As far back as 1940, the code-breakers housed in Bletchley Park, a gracious English country manor in Buckinghamshire, were hacking into Japan’s most secure diplomatic codes. As Hitler’s armies marched across Europe and conquered ever more territory, the pressure became fiercer: Through their spies, the British were well aware that German forces were amassing across the English Channel to prepare for an invasion. Price opens with an account of the recruitment process for the “geniuses” of the book’s title: exceptional young men and women largely recruited from Britain’s elite universities. At the center of the group was Alan Turing—the logician, philosopher, and mathematician educated at Cambridge and Princeton universities who would finally succeed in breaking the Enigma, a cipher device

Turing had a strange, excitable brilliance that some found hard to take, but his vision and genius not only helped the Allies win the war but also led to the dawn of modern computers. A gay man at a time when homosexuality was considered a crime in Britain, Turing would see his life turn into tragedy after the war, when he chose chemical castration to avoid imprisonment and was scorned, rejected, and publicly humiliated for being gay. Despite his tremendous services to his country and the world, he died an early death in 1954 and remained branded as a criminal because of his sexual orientation. The British government did not apologize for the heinous treatment of its genial war hero until 2009, and it wasn’t until 2013 that Queen Elizabeth II finally granted him a posthumous royal pardon. In fact, it was only in 2013 that Britain fully decriminalized homosexuality.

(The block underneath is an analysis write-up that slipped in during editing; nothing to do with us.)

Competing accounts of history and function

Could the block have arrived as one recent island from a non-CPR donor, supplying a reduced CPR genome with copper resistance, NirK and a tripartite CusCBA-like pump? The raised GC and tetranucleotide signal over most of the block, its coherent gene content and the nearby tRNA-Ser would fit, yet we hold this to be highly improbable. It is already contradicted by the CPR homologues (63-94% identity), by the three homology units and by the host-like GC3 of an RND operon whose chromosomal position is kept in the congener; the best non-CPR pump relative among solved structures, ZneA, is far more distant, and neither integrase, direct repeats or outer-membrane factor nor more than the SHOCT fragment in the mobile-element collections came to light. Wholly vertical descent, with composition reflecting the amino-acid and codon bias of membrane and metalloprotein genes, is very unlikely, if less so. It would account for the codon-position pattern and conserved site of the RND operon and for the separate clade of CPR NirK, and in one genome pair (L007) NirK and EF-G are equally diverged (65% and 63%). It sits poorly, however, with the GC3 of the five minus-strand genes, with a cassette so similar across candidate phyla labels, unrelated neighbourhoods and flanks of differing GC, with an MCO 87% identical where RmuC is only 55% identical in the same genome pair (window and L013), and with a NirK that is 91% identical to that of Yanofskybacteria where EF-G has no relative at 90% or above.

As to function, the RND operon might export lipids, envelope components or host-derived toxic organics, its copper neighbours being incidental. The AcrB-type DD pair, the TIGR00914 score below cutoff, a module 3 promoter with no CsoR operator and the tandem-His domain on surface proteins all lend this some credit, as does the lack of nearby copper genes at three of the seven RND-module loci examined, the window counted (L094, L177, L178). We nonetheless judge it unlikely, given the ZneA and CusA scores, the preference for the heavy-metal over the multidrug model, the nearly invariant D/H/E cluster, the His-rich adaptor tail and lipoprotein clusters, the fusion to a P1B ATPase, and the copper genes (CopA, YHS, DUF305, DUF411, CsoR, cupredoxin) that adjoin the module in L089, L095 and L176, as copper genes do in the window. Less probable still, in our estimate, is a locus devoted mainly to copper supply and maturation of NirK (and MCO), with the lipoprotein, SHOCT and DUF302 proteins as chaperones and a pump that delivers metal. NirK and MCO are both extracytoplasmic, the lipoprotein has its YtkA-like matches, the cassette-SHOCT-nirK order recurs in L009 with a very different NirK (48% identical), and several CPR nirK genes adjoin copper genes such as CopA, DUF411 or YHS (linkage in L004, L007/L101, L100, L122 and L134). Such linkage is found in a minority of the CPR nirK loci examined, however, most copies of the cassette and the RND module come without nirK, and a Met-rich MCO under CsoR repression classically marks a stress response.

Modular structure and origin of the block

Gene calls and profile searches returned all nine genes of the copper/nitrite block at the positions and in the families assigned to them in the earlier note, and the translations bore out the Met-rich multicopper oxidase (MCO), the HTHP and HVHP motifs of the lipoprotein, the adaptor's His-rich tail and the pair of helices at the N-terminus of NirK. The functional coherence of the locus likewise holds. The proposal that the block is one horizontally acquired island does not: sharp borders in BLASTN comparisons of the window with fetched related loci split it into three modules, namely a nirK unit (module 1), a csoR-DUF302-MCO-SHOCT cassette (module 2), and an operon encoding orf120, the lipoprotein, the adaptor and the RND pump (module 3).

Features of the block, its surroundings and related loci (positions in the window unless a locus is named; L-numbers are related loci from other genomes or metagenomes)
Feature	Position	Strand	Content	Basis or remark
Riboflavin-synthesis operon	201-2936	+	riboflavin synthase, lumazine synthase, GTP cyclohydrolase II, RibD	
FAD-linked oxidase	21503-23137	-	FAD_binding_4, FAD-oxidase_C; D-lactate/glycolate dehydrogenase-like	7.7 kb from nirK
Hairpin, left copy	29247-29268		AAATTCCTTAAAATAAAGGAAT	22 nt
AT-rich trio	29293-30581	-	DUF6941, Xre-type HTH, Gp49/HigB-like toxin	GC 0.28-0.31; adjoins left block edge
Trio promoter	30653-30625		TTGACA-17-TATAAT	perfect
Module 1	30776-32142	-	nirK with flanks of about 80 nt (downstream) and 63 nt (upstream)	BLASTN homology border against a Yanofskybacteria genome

There are other colorful characters in Geniuses at War, including the mathematician Max Newman, who had a Jewish German father, the British Canadian mathematician William Tutte, and the Burma-born classics scholar Donald Michie. Price is best when he delves into the personal histories that led these characters to Bletchley Park and their motivation for lending a hand at a momentous moment in history. They worked nonstop, slept little or on the job, ate terrible wartime food, and proceeded with a feverish energy to achieve the impossible: halt Hitler’s war.